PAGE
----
Food, Nutrients and Your Teen

By Roberta Duyff, MS, RD, FAND
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Puberty marks the start of the teenage growth spurt. That time differs for each child. For girls, puberty typically begins at about age 12 or 13, about two years younger than for boys. From the school-age years through the teens, the average youngster grows to be 20 percent taller and 50 percent heavier. Body changes that happen as children mature are stressful for some, and may affect their self-image and, perhaps, the choices they make about eating and physical activity. (Some overweight children may start puberty sooner, but for now, there are too many unanswered questions to know why.)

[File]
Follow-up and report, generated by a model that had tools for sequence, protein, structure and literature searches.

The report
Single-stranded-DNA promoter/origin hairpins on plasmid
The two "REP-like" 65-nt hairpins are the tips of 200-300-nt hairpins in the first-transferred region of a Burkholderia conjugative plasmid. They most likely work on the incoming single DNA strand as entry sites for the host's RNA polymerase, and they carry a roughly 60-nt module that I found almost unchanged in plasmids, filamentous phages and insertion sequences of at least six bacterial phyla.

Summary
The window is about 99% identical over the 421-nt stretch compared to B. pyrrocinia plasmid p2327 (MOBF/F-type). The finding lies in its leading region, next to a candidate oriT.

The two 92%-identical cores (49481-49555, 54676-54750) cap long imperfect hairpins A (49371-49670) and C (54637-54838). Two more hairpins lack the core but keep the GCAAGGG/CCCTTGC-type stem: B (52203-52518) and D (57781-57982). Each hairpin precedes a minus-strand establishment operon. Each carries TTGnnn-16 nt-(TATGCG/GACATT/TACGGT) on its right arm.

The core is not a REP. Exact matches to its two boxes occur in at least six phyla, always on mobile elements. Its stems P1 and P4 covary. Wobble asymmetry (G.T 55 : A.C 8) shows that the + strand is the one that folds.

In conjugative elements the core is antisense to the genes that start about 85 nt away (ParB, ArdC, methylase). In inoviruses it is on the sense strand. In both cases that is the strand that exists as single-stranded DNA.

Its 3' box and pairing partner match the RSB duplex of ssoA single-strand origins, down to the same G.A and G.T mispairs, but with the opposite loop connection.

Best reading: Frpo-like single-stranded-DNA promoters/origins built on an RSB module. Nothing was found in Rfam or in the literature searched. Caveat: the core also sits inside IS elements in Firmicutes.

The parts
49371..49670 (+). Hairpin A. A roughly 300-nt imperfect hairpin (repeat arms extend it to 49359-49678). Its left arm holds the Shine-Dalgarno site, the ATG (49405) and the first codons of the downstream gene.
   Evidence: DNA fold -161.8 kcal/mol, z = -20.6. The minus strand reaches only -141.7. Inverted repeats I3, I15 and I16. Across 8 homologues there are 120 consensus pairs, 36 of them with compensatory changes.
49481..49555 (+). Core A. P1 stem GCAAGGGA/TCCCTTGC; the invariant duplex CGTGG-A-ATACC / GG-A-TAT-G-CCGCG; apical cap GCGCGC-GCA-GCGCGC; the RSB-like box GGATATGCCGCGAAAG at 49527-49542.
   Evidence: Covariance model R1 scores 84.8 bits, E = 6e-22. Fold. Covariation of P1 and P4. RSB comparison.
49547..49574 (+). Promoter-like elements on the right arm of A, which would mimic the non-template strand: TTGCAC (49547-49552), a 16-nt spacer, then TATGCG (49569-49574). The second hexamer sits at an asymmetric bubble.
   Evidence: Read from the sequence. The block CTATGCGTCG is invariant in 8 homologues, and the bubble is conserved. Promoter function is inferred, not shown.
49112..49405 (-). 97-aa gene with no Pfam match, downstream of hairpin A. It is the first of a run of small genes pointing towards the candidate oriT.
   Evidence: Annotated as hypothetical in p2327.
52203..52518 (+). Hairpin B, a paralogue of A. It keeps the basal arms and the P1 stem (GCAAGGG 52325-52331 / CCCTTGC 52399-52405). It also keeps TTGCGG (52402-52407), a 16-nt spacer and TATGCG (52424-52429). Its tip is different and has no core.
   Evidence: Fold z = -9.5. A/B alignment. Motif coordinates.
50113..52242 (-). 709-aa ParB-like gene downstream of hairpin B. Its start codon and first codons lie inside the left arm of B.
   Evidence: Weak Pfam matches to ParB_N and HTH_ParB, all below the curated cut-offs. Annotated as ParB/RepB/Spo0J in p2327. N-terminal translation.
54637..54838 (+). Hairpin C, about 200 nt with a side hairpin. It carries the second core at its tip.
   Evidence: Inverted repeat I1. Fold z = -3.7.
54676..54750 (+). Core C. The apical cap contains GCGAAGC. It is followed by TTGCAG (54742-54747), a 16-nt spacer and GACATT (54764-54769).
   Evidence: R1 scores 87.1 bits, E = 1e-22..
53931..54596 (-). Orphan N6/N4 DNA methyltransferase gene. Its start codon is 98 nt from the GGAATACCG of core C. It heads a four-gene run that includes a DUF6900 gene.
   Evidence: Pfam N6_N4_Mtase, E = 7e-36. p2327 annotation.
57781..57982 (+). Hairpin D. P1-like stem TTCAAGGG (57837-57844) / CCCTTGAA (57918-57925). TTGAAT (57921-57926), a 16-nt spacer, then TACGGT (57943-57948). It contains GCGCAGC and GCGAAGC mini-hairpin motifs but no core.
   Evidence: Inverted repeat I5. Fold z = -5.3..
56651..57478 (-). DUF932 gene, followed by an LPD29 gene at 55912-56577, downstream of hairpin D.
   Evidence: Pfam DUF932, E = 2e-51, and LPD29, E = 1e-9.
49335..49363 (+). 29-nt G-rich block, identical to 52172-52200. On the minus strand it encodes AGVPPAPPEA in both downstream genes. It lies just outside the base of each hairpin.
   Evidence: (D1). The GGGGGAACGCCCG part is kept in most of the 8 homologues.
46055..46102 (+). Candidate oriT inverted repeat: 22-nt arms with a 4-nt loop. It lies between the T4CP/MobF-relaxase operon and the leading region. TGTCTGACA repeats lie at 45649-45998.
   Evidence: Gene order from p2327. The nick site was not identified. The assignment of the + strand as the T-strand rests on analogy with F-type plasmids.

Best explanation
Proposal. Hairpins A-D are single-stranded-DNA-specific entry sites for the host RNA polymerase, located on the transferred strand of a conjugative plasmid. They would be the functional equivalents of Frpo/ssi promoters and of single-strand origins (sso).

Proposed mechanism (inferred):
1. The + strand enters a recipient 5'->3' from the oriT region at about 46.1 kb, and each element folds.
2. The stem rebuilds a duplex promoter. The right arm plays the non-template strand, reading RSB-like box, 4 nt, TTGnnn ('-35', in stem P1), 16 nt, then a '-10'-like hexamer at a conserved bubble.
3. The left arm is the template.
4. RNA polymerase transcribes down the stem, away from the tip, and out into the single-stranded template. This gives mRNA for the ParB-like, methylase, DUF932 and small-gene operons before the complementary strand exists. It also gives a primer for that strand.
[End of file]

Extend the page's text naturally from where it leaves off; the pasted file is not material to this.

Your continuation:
How your teenage child grows – when, how and how much – has more to do with genes than with food choices. However, smart eating does help determine if your child grows to his or her maximum height potential – with strong bones and a fit body.

All teens need enough calcium for bone growth and strength, protein for every body cell including muscles, carbohydrates and fats for energy, vitamins and minerals for the "sparks" that make it all happen, and enough water. Energy and nutrient needs increase to meet the growth demands of adolescence. Teens need understanding parents who appreciate that their adolescent's growth pattern, although different from a friend's, is perfectly normal.

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